Retrenchment, redundancy and recession are the three buzzwords that have thrown the 'work–life' balance, which we have been enjoying over the prosperous last decade, off its throne.
Now it's emerged that indulging in a little R&R could actually ease the pressure of the less-than-savoury three Rs.
The government is urging desk-bound Aussies to take the $31 billion they are owed in annual leave in an attempt to boost the failing economy.
Tourism Minister Martin Ferguson is joining forces with Tourism Australia to promote the 'No Leave, No Life' campaign – reminding Aussies that there is life outside the office.
According to Mr Ferguson, it's all about encouraging people to 'organise their lives at work and at home to actually have a break, and to have a break here in Australia.'
'It is the responsibility of all Australians as we go into this Christmas-New Year period to think about mates back home, to actually think about having a holiday, to go to a restaurant or a theme park, to hop on a plane, and to try to make sure we spend those dollars to assist in maintaining jobs for Australians', said Mr Ferguson.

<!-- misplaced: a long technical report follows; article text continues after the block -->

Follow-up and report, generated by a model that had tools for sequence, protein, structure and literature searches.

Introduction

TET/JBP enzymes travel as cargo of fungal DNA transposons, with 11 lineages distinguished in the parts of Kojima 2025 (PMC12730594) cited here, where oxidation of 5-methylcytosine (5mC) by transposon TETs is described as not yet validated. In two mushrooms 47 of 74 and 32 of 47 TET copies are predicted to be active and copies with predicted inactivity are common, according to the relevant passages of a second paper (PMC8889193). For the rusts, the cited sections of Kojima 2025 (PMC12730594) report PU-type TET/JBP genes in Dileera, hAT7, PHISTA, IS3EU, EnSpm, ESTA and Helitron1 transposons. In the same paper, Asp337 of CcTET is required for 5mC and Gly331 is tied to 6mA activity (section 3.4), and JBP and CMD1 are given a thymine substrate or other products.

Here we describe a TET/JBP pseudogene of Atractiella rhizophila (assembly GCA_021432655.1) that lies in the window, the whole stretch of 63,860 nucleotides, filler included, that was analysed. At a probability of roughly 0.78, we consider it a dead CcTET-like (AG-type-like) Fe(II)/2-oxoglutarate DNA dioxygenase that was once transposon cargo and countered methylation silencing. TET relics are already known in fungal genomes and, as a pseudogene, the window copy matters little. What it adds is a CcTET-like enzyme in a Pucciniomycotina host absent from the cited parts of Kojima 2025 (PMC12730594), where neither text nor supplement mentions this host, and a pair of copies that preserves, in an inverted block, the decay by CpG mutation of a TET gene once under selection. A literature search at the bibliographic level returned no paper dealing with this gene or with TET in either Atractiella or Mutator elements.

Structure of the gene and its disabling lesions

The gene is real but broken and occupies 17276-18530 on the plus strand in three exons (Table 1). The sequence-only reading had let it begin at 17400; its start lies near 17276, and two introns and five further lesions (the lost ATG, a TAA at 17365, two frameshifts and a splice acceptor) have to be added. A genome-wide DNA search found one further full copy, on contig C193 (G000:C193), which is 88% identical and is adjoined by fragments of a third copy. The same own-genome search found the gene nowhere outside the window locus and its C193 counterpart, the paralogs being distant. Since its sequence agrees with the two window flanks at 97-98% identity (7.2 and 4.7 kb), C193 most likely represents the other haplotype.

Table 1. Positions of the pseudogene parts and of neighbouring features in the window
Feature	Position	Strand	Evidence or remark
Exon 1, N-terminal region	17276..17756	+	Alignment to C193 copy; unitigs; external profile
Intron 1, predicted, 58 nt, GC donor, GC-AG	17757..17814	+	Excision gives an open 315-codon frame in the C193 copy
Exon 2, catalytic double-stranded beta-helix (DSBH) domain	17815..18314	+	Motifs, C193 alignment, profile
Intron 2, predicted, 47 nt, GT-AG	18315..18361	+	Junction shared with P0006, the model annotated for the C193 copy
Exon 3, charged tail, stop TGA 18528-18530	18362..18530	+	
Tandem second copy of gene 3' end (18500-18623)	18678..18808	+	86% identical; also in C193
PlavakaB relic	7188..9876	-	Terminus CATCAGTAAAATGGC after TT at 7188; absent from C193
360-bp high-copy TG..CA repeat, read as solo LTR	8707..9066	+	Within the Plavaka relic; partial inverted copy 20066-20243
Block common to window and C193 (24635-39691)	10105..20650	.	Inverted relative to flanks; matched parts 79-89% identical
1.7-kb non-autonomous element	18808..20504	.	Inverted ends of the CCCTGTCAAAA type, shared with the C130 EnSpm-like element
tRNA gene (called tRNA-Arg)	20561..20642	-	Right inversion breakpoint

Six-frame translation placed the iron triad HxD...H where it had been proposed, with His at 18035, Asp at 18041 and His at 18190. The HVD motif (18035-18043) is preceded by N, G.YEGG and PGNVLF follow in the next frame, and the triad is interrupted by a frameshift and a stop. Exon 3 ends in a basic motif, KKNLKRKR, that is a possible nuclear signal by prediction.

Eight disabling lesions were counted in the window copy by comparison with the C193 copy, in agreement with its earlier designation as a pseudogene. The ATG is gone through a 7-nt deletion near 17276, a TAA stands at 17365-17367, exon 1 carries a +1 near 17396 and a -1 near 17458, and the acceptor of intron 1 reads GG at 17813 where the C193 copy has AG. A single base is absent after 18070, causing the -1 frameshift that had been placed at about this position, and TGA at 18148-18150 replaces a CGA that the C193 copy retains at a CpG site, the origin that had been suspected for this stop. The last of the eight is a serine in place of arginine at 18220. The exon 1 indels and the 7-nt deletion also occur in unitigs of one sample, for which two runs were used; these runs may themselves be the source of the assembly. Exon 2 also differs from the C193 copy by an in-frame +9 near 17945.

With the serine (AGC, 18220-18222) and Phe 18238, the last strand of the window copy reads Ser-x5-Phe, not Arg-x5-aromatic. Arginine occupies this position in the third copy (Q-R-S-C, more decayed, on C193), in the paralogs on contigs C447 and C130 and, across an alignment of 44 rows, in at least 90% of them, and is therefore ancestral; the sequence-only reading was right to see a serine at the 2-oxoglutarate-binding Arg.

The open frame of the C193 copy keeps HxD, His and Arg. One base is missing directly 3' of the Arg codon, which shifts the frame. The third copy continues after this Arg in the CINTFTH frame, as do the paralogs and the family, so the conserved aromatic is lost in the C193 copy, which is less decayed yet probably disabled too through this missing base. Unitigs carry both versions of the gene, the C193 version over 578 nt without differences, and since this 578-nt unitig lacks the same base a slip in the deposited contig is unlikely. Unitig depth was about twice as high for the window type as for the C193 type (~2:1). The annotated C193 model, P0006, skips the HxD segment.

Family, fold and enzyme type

But employers aren't going to be left out in the cold while their staff live it up on the Gold Coast with a Pina Colada in one hand and a Dan Brown novel in the other.
Workers would come back to work revitalised and more productive, plus it also saves them cash, since it would cost them progressively more to pay out accrued leave years later as wages and salaries rise.
And what better time than to go on a holiday as when the government injects $10 billion into the wallets of families and tells them to spend, spend, spend!
The tourism industry has been one of the hardest hit by the recession as Australians rethink their budgets and tighten their belts.